Have you ever wondered why you can’t find venison in your local grocery store?
Despite its popularity during hunting season, venison is not a common sight on supermarket shelves. In this article, we’ll explore the reasons behind this and delve into the laws and regulations surrounding the sale of wild game meat.
From the public trust doctrine to inspection requirements, we’ll uncover the complexities of the issue and shed light on why you might have to go hunting if you want a taste of this lean and flavorful meat.
Why Can’t You Buy Venison In Stores?
There are a few reasons why you can’t buy venison in stores. Firstly, the public trust doctrine dictates that wildlife is a public trust resource and should not be sold for private commercial profit. This means that unlike livestock, wildlife belongs to everyone and should not be sold for profit.
Additionally, there are laws prohibiting the sale of uninspected wild game meat. If wild game meat has not received a mark of inspection by a state or federal inspection program, or it has not been legally imported, then its sale is illegal within the United States. Game meats that do not have a mark of inspection cannot be sold, which includes game meat harvested by recreational hunters.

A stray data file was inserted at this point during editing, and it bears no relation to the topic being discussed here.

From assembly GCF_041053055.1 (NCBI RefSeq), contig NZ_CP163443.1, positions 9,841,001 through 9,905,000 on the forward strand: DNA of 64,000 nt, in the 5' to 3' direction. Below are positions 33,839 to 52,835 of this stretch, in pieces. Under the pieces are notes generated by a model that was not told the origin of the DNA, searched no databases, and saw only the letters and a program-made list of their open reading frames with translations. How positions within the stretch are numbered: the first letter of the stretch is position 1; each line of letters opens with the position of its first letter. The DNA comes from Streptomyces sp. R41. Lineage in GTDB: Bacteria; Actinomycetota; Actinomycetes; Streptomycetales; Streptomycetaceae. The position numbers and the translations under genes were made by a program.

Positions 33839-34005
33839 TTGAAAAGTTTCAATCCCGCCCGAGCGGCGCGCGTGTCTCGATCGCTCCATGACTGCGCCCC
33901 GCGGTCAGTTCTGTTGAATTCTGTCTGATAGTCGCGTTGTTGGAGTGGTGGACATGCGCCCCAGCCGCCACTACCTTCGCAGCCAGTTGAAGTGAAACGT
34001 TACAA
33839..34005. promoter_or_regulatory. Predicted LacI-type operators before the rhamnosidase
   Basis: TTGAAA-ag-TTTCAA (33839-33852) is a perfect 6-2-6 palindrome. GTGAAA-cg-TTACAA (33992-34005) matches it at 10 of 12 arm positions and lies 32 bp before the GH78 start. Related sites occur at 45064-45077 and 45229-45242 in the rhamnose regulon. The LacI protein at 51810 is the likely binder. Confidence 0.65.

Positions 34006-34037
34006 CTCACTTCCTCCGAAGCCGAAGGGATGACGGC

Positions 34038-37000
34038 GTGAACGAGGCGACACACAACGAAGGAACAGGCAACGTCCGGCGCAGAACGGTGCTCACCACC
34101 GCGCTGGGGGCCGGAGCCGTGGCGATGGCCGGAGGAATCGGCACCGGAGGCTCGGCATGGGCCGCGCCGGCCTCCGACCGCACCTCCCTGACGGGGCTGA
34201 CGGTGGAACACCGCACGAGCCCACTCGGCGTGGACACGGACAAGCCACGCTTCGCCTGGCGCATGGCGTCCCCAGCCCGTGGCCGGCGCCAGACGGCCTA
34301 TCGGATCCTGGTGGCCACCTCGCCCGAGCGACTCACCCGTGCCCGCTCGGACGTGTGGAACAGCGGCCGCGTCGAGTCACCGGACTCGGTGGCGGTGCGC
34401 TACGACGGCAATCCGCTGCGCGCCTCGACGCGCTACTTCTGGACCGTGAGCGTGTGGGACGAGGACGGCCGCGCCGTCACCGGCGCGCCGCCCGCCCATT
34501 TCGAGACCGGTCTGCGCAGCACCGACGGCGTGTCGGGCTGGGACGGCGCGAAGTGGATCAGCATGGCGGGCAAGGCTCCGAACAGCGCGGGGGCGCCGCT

Furthermore, meat from “game animals” as defined by state wildlife agencies that are harvested within that state cannot be sold. The restrictions and definitions vary from state to state, but in most states native species like whitetail deer are deemed to be “game animals” while non-native species have different classifications, usually deemed “livestock.” If it is restricted then it will not be inspected and cannot be sold. However, if it is inspected then that is assurance that it is legal to sell.
The Public Trust Doctrine And Wild Game Meat